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The banking sector consists of public sector, private sector and foreign banks, apart from smaller regional and cooperative banks. IT-based banking products, services and solutions are available in market. Phone Banking; ATM facility; Credit, Debit and Smart Cards; Internet Banking & Mobile Banking; SWIFT Network & INFINET Network are most common in banking.
Every year fraud in banking is rising. Fraud presents significant cost to our economy. For customer segmentation and productivity, most of the banks are using data mining, and also for credit scores and approval, predicting payment default, marketing, detecting fraudulent transactions, etc.
Banking industry is spreading its branches vastly over a multiple area of various industries with providing more functionality to its customers. Implementing such a large industry requires to stores its huge information in a secured and proper format. Hence in addition it is developing its services rapidly in various operations like providing online transaction or offering various policies to their customer also giving access to multiple other functions. So currently banks have huge data to store which is increasing rapidly.
Handling such a large data leads to security if data which is the most important task of Data mining. Data mining have introduced various techniques and algorithms that will help to focus on important pattern of data from the database. And also helps to take important decisions.
The banking industry across the world has undergone tremendous changes in the way the business is conducted. With the recent implementation, greater acceptance and usage of electronic banking, the capturing of transactional data has become easier and simultaneously, the volume of such data has grown considerably. It is beyond human capability to analyses this huge amount of raw data and to effectively transform the data into useful knowledge for the organization. Data Mining can help by contributing in solving business problems by finding patterns, associations and correlations which are hidden in the business information stored in the data bases.
Over the past few years, a number of review articles have appeared in conference or journal publications. Bolton and Hand, for example, have reviewed statistical methods of detecting fraud, including credit card fraud, money laundering, telecommunications fraud, etc. Phua et al. present a survey of data mining-based fraud detection research, including credit transaction fraud, telecoms subscription fraud, automobile insurance fraud and the like. Others have reviewed insurance fraud and financial statement fraud.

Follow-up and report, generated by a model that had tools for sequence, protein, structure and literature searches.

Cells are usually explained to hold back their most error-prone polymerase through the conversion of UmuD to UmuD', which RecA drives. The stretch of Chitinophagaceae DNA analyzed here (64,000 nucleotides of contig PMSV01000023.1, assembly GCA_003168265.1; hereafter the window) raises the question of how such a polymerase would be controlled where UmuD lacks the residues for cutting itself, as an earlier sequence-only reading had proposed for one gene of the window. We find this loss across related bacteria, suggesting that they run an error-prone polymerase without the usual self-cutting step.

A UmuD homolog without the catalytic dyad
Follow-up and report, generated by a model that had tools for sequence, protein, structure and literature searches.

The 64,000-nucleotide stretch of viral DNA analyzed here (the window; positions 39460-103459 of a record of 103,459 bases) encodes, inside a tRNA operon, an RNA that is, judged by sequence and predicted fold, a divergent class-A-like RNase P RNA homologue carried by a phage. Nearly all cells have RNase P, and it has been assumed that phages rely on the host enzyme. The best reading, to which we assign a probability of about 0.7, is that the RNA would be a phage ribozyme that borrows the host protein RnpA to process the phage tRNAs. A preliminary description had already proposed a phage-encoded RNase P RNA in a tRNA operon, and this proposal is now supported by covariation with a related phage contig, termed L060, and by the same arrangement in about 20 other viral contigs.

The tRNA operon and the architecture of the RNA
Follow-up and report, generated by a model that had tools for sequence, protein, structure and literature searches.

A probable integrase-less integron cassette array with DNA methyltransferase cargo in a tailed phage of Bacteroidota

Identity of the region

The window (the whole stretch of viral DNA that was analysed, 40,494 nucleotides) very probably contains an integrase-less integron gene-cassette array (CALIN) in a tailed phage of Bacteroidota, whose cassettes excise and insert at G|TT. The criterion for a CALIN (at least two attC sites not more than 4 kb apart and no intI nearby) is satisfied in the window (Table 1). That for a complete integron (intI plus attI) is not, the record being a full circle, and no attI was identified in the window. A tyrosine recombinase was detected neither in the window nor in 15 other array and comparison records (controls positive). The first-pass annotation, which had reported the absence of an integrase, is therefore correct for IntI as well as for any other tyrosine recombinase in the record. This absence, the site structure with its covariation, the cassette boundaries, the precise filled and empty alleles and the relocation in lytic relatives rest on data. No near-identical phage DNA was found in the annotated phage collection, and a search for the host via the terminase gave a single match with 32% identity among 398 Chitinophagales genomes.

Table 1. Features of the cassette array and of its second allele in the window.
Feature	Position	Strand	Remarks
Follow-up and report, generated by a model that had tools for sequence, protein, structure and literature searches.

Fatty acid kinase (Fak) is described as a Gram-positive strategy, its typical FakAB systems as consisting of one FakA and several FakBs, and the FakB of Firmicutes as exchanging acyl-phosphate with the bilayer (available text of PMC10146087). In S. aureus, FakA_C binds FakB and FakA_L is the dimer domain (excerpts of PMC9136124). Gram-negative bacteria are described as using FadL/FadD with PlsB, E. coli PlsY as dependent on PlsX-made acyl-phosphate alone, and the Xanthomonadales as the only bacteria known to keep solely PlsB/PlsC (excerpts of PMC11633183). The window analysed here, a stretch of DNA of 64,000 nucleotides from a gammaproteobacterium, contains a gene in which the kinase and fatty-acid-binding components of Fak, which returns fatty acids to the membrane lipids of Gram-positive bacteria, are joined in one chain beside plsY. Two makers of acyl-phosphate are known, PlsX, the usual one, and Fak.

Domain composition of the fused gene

The method AdaCost was developed from Adaboost for credit card fraud detection, and resulted in the metaheuristic Cost Sensitive, which can be applied for many applications where there are different costs for false positive and false negative. Comparative studies between Neural Networks (NN) and Bayesian Networks (BN) in credit card fraud detection were reported, which favored the result of BN.
Statistical fraud detection methods have been divided into two broad categories: supervised and unsupervised. In supervised fraud detection methods, models are estimated based on the samples of fraudulent and legitimate transactions, to classify new transactions as fraudulent or legitimate. In unsupervised fraud detection, outliers or unusual transactions are identified as potential cases of fraudulent transactions. Both these fraud detection methods predict the probability of fraud in any given transaction.
Predictive models for credit card fraud detection are in active use in practice.
Considering the profusion of data mining techniques and applications in recent years, however, there have been relatively few reported studies of data mining for credit card fraud detection. Several techniques, including support vector machines and random forests for predicting credit card fraud. Their study focuses on the impact of aggregating transaction level data on fraud prediction performance. It examines aggregation over different time periods on two real-life datasets and finds that aggregation can be advantageous, with aggregation period length being an important factor. Aggregation was found to be especially effective with random forests. Random forests were noted to show better performance in relation to the other techniques, though logistic regression and support vector machines also performed well. Support vector machines and random forests are sophisticated data mining techniques which have been noted in recent years to show superior performance across different applications.